Nutrition and Hydration Week
Nutrition and Hydration Week is an annual event with a shared objective, to highlight, promote and celebrate improvements in the provision of nutrition and hydration globally.
When playing sport, it’s so important to ensure your body is kept hydrated – seems obvious right? So why are so many of us getting it wrong?
We should all aim to eat a healthy and balanced diet that matches our energy needs, especially when taking part in regular physical activity, such as football.
Eating well for sport can have many health benefits including reducing the risk of injury and illness and as well as, ensuring an easy recovery after exercise.
Children without a varied diet are particularly vulnerable to health problems later in life.
Important foods for Foods for fuel and exercise are carbohydrates, protein and good fats.
The main role of carbohydrates is to provide energy. When they are digested, carbohydrates are broken down into glucose to provide readily available energy for the body to use quickly and effectively. The body can store carbohydrates in the muscles and liver as glycogen, and use these stores as a source of fuel for the brain and muscles during physical activity.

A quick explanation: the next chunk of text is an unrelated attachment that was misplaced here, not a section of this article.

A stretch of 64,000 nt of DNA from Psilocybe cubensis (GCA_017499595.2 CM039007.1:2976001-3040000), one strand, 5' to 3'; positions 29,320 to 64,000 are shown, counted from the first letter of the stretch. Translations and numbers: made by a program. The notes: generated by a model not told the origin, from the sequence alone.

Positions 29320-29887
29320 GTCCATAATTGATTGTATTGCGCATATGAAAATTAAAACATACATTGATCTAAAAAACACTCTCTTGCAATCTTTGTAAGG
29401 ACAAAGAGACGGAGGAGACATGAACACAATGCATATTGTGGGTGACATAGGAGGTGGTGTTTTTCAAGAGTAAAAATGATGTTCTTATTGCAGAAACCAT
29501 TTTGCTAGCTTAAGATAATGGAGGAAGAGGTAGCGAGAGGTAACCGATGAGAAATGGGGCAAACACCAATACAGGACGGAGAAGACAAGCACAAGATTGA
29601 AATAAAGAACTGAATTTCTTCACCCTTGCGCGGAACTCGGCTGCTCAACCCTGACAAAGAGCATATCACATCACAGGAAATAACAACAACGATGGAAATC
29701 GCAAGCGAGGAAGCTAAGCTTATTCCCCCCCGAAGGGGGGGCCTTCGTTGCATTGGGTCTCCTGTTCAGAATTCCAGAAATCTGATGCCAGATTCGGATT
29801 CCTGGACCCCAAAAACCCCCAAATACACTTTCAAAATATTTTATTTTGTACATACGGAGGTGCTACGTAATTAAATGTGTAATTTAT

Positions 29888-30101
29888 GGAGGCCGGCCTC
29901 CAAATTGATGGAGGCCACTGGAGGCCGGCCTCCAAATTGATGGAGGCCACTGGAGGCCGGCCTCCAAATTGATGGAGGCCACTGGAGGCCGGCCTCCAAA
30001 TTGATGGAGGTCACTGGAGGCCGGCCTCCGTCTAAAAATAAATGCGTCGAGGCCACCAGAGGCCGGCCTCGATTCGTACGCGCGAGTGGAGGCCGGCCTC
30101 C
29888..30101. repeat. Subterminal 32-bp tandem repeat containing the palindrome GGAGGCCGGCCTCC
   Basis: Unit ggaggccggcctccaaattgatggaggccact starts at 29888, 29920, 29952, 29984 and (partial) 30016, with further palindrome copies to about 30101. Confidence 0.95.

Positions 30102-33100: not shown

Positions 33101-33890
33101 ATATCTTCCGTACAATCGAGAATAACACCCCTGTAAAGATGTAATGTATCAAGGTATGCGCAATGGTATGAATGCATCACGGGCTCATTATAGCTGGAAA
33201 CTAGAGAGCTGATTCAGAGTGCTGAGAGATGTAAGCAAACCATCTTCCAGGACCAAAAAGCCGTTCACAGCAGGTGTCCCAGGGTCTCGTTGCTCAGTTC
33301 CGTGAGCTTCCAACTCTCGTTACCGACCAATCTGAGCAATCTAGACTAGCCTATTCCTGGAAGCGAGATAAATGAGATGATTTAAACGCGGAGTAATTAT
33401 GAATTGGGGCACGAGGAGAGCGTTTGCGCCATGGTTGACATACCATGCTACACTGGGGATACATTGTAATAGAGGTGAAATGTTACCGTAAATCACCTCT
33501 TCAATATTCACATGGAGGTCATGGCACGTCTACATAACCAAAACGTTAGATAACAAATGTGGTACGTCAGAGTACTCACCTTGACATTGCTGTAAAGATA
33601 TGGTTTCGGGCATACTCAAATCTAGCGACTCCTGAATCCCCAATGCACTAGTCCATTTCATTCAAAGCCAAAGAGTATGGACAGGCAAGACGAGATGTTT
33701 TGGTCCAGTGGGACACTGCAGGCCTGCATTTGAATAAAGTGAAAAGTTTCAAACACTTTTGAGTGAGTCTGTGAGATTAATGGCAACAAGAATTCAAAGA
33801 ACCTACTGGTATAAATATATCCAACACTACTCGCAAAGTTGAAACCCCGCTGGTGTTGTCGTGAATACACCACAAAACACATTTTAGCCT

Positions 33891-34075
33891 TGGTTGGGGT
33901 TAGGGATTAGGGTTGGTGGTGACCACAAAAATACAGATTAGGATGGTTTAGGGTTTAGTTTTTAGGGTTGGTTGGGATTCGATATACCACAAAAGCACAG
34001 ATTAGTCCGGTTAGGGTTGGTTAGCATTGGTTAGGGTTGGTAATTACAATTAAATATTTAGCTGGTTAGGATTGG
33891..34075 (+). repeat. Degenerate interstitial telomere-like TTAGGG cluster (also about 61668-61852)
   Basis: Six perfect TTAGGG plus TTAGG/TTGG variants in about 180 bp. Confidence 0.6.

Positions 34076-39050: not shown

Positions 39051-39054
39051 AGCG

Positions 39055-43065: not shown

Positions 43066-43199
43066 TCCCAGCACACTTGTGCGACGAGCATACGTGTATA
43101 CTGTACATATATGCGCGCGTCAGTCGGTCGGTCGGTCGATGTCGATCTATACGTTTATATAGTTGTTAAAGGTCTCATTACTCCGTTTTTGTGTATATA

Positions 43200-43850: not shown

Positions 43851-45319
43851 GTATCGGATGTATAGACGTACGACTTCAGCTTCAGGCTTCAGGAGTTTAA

By not having adequate carbohydrate in your diet for exercise, you may feel tired and lacking in energy and not be able to perform at your best.
Good sources of carbohydrates in the diet include, bread, breakfast cereals and porridge oats, pasta, rice and noodles.
Protein is also important for health and physical activity. It helps to growth and repair cells and tissues, such as muscle.
Different foods contain different amounts and different combinations of amino acids (the building blocks of proteins). You can find these in animal and plant sources including meat, fish, eggs, milk, cheese yoghurt, tofu quinoa and Quorn™.
Fat is a rich source of energy. Consuming too much fat can lead to excess energy intake which can lead to weight gain over time. Choosing foods which contain higher amounts of unsaturated fat, and less saturated fat, is preferable. Avocados and cottage cheese are full of good fats!
Sufficient fluid intake is also essential for exercise and optimum recovery. Exercising causes the body to get warmer, so the body tries to cool down by sweating. This causes the loss of water and salts through the skin.
Try to and stay hydrated before, during and after exercise to prevent dehydration – water is generally best, but in cases of excessive sweating, an isotonic drink may be better.
For more information or resources visit: https://nutritionandhydrationweek.co.uk/resources/